Who Was the Commander at Bunker Hill?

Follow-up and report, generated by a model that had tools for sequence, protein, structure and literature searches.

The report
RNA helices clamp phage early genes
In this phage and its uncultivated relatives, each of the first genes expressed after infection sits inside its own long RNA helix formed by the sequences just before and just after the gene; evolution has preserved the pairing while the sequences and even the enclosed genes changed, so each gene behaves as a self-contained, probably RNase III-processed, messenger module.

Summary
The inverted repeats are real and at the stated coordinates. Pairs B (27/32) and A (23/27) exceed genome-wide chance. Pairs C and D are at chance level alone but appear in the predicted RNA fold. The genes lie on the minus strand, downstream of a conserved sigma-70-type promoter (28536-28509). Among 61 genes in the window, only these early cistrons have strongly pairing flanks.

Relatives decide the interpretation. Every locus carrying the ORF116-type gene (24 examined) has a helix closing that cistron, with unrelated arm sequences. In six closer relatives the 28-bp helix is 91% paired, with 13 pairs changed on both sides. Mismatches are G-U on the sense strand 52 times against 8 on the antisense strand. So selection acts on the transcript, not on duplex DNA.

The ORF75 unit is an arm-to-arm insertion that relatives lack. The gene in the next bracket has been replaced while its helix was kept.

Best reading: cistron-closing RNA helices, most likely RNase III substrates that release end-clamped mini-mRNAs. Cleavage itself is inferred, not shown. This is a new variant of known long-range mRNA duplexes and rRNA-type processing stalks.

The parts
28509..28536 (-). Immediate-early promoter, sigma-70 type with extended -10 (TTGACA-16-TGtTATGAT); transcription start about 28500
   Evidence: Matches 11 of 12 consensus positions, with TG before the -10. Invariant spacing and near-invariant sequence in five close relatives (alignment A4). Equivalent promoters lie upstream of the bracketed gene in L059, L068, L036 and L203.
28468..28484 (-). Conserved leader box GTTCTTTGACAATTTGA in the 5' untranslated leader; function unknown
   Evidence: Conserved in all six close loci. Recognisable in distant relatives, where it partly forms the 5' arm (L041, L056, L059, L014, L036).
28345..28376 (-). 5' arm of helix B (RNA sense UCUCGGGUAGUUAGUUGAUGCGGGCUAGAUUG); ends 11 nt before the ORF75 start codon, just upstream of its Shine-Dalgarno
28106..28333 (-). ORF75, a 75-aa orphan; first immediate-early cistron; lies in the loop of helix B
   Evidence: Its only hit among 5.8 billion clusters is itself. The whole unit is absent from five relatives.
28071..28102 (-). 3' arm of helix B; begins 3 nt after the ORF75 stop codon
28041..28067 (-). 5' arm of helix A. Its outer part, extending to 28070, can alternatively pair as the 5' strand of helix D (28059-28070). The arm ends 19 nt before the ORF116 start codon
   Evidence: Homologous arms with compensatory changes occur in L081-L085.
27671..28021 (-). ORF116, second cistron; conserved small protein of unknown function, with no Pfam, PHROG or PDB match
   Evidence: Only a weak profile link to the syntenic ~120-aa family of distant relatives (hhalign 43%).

19 had any right to command Prescott; and more hopeless: it is almost on a par with that of free agency, or the origin of evil. It would be as preposterous to deny that Putnam was the commander, even if the army was not a legal one, as for British historians to have denied that Washington was the commander in the battles he fought, because they said he was not a lea:al commander, and Gen. Howe said he was no General, only Mr. Ac.: though he found to his sorrow, that Washington and Putnam both were generals, and out-gene- ralled hirn, — Putnam at Bunker Hill, and Washington ever afterwards. There is poor encouragement for any one to enter into this question of the legality of the organization of the army, W’hen Pres. Adams, sen. and Judge Tudor failed under it so egregiously. They both jumped into this quickset hedge, and the author shuts his eyes and follows them. The result is, Pres. Adams doubts whether any one was authorized to command the troops of all the colonies; and whether any one, except the old militia Gen. Pomeroy, a volunteer with no command over an individual in Cambridge, had a right to command the troops of Massachusetts. Judge Tudor doubts with him. The author is positive that the army was one of allies only, and Putnam a mere volunteer. Putnam was no more a volunteer than the whole army at Cambridge was a volunteer army, or than the governments of the colonies who sent the troops there were volunteer governments ; and they were in fact mere governments de facto, without constitutions, or conventions to form any. New Hampshire, rather the worst off in this respect, had two separate governments, — the royal, under the very popular and conciliatory Gov. Wentworth; and the rebel, under a convention ; and both were in operation for a month after the battle. But just as much legality and constitutionality as there was in these governments, so much there was in the consolidation and organization of the army under Gen. Ward. The facts were perfectly well known to all three of the colonies, and their tacit consent and approbation was as binding on them as if it was expressed by their regular enactments enrolled and recorded.